The FDA has restricted mifepristone under a federal oversight program since it approved the pill in 2000, but the agency has gradually relaxed those restrictions over the years. It permanently ended the requirement in January that patients obtain the pill in person, which allowed delivery of mifepristone by post. The FDA also allowed retail pharmacies to begin dispensing the pill for the first time.

But the agency kept some restrictions in place. Patients must sign a form outlining the risks of mifepristone and they must obtain a prescription from a health care provider certified under the federal oversight program. Pharmacies must also be certified under this program to dispense the drug to the patient.

Ferguson and the other 17 attorneys general are asking the Washington state judge to drop those restrictions. States include Arizona, Colorado, Connecticut, Delaware, Illinois, Michigan, Nevada, New Mexico, Oregon, Rhode Island, Vermont, Hawaii, Maine, Maryland, Minnesota, Pennsylvania and Washington State. DC is also a party to the lawsuit.

“This only serves to make mifepristone harder for doctors to prescribe, harder for pharmacies to fill, harder for patients to access, and harder for requesting states and their healthcare providers to dispense. “, the Democratic attorneys general told the judge in their complaint.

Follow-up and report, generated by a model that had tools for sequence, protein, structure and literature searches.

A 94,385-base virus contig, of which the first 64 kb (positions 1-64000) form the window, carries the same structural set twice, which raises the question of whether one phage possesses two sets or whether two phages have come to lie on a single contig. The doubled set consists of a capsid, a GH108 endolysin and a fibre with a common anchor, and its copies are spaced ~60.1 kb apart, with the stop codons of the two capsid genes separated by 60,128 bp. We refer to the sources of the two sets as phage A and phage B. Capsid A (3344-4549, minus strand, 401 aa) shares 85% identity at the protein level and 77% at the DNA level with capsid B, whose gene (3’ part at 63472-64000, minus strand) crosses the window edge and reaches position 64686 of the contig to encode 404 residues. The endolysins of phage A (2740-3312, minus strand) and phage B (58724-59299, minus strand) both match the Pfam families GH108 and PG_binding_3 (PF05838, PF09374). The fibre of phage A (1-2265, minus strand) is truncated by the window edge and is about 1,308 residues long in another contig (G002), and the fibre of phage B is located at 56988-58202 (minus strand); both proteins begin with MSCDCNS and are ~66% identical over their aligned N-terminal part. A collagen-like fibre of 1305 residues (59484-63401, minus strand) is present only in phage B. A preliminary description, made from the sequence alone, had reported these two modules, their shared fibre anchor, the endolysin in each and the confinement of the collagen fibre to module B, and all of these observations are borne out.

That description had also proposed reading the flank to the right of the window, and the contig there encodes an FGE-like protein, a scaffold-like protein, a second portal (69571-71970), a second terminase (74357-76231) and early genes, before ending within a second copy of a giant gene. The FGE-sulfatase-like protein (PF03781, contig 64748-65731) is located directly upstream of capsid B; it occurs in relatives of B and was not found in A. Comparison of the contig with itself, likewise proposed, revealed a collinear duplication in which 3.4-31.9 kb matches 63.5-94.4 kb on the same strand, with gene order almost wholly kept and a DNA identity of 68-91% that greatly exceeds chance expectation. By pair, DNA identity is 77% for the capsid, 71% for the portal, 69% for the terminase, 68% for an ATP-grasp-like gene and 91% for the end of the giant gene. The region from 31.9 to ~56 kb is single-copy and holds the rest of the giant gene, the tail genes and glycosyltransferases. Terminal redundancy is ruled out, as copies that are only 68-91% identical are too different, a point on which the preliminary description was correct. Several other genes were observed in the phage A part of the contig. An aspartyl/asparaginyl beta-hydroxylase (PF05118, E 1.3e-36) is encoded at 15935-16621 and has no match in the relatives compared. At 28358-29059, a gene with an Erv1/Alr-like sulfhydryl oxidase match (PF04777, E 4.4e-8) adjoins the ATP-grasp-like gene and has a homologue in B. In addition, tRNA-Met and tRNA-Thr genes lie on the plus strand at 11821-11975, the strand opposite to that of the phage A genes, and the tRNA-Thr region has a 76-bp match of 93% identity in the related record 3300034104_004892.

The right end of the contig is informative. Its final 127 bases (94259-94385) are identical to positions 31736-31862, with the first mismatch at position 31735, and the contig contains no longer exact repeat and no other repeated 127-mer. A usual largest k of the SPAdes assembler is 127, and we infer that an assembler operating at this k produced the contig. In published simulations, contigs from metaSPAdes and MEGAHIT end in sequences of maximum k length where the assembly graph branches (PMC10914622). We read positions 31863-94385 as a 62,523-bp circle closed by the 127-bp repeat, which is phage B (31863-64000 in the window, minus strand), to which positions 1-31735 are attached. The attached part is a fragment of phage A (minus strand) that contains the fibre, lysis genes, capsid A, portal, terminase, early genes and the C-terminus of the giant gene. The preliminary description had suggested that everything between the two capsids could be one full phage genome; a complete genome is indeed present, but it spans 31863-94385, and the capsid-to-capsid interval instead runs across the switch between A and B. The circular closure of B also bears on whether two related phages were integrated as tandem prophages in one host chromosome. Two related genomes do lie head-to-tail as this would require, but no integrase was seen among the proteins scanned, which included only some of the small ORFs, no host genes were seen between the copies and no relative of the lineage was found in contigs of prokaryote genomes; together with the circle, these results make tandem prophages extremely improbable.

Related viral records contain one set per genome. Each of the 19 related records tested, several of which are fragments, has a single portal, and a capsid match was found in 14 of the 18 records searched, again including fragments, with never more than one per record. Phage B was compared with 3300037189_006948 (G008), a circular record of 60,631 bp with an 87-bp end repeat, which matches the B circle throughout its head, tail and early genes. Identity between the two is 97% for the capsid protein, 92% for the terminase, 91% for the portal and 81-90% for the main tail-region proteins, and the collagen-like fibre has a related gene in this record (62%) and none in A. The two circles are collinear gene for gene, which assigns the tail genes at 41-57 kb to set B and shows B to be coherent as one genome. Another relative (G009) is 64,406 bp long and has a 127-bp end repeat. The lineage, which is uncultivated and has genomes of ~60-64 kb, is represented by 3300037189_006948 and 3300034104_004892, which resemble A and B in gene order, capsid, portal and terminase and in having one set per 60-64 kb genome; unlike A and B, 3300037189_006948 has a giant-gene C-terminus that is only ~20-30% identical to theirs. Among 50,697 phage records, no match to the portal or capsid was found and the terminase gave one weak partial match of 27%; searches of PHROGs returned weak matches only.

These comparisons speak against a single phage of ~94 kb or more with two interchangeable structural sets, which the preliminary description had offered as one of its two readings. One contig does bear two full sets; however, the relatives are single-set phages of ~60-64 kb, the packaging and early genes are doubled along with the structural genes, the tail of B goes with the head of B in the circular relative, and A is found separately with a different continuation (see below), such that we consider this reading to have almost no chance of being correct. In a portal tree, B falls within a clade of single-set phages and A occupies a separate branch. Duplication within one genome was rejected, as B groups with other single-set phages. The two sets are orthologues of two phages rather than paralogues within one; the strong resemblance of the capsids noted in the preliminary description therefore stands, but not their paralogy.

Cohen said the Washington state lawsuit raises questions about whether the Biden administration would appeal a decision ordering the FDA to drop restrictions on mifepristone.

The White House may not want to explain why it champions barriers to medical abortion, even though the FDA likely wants to protect its regulator, Cohen said. The Biden administration may not appeal if it loses in Washington state and simply drop remaining restrictions on the abortion pill, he added.

But Ferguson noted that the Biden administration chose to defend the restrictions in court on Tuesday: “It wasn’t like they said Ferguson’s right, we shouldn’t have these restrictions. They fight it, they defend him. So what they would do if we won, I don’t know,” he said.

Rachel Rebouche, an expert in reproductive health law at Temple University, said the cases in Washington state and Texas raise the prospect of Supreme Court involvement. Rebouche signed a brief in the Texas case that defended FDA approval of mifepristone.

If the cases of the Washington and Texas district courts are appealed to the Court of Appeals for the 9th Circuit and 5th Circuit respectively and those circuit courts render conflicting decisions, “then it is paramount issues for the Supreme Court,” Rebouche said.

A slight majority of 9th Circuit judges have been appointed by Democratic presidents, while an overwhelming majority of 5th Circuit judges have been appointed by Republican presidents.

Oregon Attorney General Ellen Rosenblum, who co-led the Washington state lawsuit with Ferguson, said she would have concerns about the case ending up in the Supreme Court after her ruling l year to end Roe. “We don’t particularly want to make a case in the United States Supreme Court,” Rosenblum said.